Breaking bad news is cut that won't heal for Billick

ON THE RAVENS

The Kickoff

August 31, 2007|By MIKE PRESTON

The bubble will burst for some players beginning tonight when the Ravens play the Atlanta Falcons in the Georgia Dome, and it's just as tough mentally for coach Brian Billick as it is for the players.

This is the last game for some players to either step up or step backward. Usually in the final preseason game, star players such as Steve McNair, Ray Lewis or Todd Heap spend more time standing on the sideline wearing baseball caps than playing in the game. But since the Ravens missed out on nearly two quarters in the suspended game against Washington last week, Billick might give some of the regulars more playing time.

But this game is still about bubble players, mostly long shots who have just entered the league, or managed to hold on to their jobs for a few years. For the Ravens, they have to find a No. 4 receiver between Devard Darling and Clarence Moore, both fourth-year players. Neither has been outstanding, but Darling is a better blocker and plays on special teams.

Second-year running back Cory Ross leads the team in rushing during the preseason with 85 yards on 16 carries, but hasn't secured a roster spot. Edgar Jones and Dennis Haley are battling it out at linebacker, and Jamaine Winborne and Evan Oglesby are vying for a final defensive back position.

"You can't take the release of players for granted," Billick said. "This is the hardest part of our business. We break dreams in the next week. A lot of these young players have done everything right to get here. They have been standouts at their high schools and colleges, and then we tell them they're not good enough for this level. That's real-world harsh. When it doesn't hurt to tell a player, `You're not good enough,' you should get out of the business."

Options at tackle

With Jonathan Ogden still recovering from turf toe and his status for the season opener questionable, it will be interesting to see the possible backup plans. The Ravens might have to flip-flop offensive tackles for the Cincinnati Bengals game.

Jared Gaither, a rookie out of the University of Maryland, has been filling in for Ogden, a 10-time Pro Bowl selection, at left tackle during training camp and the preseason. But it was starting right tackle Adam Terry who filled in well for Ogden for two games last season.

Wouldn't you want your best available tackle on the left side protecting McNair's blind side? Also, with Gaither struggling lately, do the Ravens start rookie Marshal Yanda at right tackle in a position he is totally familiar with?

I'm sure Billick is more concerned than Bengals coach Marvin Lewis about any possible changes.

Stop complaining

Every year, we have these discussions and debates about the preseason. "It's too long and too boring." The players don't like it and the fans don't like it. But the owners love it because the extra games keep the cash flowing.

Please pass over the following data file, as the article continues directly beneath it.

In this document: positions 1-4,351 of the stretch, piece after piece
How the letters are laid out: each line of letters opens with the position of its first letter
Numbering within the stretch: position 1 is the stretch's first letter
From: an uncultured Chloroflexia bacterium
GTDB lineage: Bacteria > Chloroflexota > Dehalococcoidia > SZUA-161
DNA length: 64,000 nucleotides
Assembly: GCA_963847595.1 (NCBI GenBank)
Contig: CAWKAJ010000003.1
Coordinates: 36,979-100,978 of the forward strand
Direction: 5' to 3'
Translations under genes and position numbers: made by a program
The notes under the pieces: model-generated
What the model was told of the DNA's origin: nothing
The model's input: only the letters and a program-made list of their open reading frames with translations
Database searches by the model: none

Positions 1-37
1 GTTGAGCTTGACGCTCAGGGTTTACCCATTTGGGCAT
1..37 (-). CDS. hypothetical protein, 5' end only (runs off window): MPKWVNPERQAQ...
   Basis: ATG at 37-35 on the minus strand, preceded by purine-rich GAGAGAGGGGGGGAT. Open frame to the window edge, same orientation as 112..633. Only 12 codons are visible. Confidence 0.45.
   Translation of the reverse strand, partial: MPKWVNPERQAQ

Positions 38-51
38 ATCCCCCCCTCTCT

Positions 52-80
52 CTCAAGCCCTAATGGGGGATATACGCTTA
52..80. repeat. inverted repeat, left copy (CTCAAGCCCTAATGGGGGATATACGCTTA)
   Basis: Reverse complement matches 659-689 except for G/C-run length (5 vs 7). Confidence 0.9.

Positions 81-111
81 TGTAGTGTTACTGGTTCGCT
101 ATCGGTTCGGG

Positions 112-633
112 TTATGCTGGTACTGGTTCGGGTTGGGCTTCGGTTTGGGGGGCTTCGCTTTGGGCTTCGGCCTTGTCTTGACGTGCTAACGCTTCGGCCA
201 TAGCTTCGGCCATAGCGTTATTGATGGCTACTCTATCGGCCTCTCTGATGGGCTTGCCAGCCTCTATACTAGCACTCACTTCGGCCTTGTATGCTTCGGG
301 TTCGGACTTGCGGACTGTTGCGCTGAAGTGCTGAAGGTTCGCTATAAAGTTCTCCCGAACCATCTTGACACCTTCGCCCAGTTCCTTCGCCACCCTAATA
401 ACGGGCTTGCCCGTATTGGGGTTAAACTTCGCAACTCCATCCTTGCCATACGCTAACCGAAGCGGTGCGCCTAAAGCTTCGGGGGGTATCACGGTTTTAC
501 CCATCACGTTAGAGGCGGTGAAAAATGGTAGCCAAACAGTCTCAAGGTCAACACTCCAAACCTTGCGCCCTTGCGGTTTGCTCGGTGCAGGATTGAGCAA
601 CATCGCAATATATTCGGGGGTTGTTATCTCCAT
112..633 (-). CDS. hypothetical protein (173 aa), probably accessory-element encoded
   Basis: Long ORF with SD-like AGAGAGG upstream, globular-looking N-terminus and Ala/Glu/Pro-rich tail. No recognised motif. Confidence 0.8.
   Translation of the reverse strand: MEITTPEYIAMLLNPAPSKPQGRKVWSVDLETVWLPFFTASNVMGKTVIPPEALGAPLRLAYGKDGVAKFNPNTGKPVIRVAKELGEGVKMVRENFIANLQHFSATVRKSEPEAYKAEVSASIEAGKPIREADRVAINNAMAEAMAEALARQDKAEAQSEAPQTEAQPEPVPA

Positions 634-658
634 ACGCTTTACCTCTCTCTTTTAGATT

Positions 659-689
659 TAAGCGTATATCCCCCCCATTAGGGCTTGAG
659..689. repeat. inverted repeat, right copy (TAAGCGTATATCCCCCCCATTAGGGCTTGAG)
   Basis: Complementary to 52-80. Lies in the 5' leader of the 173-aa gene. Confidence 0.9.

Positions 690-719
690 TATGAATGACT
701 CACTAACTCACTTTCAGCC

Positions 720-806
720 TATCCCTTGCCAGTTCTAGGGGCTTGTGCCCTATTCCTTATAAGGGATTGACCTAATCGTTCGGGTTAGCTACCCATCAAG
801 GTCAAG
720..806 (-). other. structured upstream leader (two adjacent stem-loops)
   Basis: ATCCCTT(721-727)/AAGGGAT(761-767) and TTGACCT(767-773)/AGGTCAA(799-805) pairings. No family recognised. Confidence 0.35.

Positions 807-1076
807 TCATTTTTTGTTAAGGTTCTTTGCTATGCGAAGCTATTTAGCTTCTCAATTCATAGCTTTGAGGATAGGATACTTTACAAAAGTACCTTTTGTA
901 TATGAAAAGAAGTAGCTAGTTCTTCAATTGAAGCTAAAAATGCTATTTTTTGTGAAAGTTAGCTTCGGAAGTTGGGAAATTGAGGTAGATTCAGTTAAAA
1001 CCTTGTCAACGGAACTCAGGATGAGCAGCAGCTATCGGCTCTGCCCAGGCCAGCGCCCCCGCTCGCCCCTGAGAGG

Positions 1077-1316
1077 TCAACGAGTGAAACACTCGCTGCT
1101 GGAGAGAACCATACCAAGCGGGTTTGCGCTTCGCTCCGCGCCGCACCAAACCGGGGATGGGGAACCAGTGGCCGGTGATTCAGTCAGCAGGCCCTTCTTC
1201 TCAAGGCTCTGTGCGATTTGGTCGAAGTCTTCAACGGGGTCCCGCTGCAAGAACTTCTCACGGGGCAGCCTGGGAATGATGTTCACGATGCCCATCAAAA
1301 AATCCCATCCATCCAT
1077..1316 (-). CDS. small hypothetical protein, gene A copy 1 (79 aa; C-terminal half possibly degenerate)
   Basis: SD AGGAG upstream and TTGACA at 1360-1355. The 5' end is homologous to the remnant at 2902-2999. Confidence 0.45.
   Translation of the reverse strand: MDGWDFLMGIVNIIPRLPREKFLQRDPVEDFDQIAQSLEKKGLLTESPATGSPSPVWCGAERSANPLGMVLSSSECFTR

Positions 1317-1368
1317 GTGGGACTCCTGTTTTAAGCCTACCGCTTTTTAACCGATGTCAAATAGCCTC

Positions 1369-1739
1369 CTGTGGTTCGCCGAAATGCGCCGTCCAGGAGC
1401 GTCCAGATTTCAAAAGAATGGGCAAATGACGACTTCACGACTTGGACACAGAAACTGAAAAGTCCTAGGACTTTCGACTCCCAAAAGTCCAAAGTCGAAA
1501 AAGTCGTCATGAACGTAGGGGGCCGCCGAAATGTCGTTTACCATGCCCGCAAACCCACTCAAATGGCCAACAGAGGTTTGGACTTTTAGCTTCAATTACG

And don't expect it to change anytime soon. Dropping one preseason game and adding a 17th regular-season game is a lot harder than most people think, especially when you have to get the owners and the players association in some type of agreement.

So, just save the complaining until next year, folks.

Ode to Ovie

Ravens outside linebacker Bart Scott often joked with former Ravens fullback Ovie Mughelli, and he poked fun at Mughelli again earlier this week.

Mughelli signed a six-year, $18 million deal with Atlanta during the offseason, becoming the highest-paid fullback in NFL history.

"They got the Nigerian Nightmare, the No. 1 offseason acquisition," Scott said. "[Michael] Vick is such a great athlete, but that Ovie Mughelli has a lot of good athleticism at 270 pounds. Ovie is a unique talent from Africa. He's been doing his thing. He's oozing with machismo."

Another former Raven on the Falcons is quarterback Chris Redman, No. 2 on the depth chart. "Yeah, it will be great to see them," Billick said. "I haven't seen Chris for a while. It's always fun to meet up with Ovie; he's always got a story or two. So, it will be good to see them."

Coming along

Offensive linemen tend to drop off the radar screen, even when they are the team's top draft pick. But Ravens offensive guard Ben Grubbs is doing quite well, thank you.

Grubbs only got five snaps last week in the weather-shortened game with Washington, but he'll get a lot more playing time tonight against the Falcons.

"I'm very, very happy with Ben," offensive line coach Chris Foerster said. "He's a very smart, mature, hardworking guy, and every time he plays, he gets more confidence. He is the smartest rookie lineman I've ever been around, and eventually we'll work him in, get him in the rotation and get him some playing time."

Suggs talks continue

Ravens general manager Ozzie Newsome said that communication lines are still open in the negotiations between Pro Bowl defensive end-outside linebacker Terrell Suggs and the team. Suggs is in the final year of his contract, and the Ravens are likely to try to sign him to an extension before the end of this season.

Suggs, who was the Associated Press Defensive Rookie of the Year in 2003 and was named to the Pro Bowl in 2004 and 2006, had a career-high 86 tackles last season.

Looking good

Every time a network shows film of the Cleveland Browns, I see either rookie quarterback Brady Quinn or running back Jamal Lewis. Lewis looks really fit and ready to play. He still is stutter-stepping, but is showing that old acceleration he used to have during his heyday in Baltimore. He's scary.

mike.preston@baltsun.com

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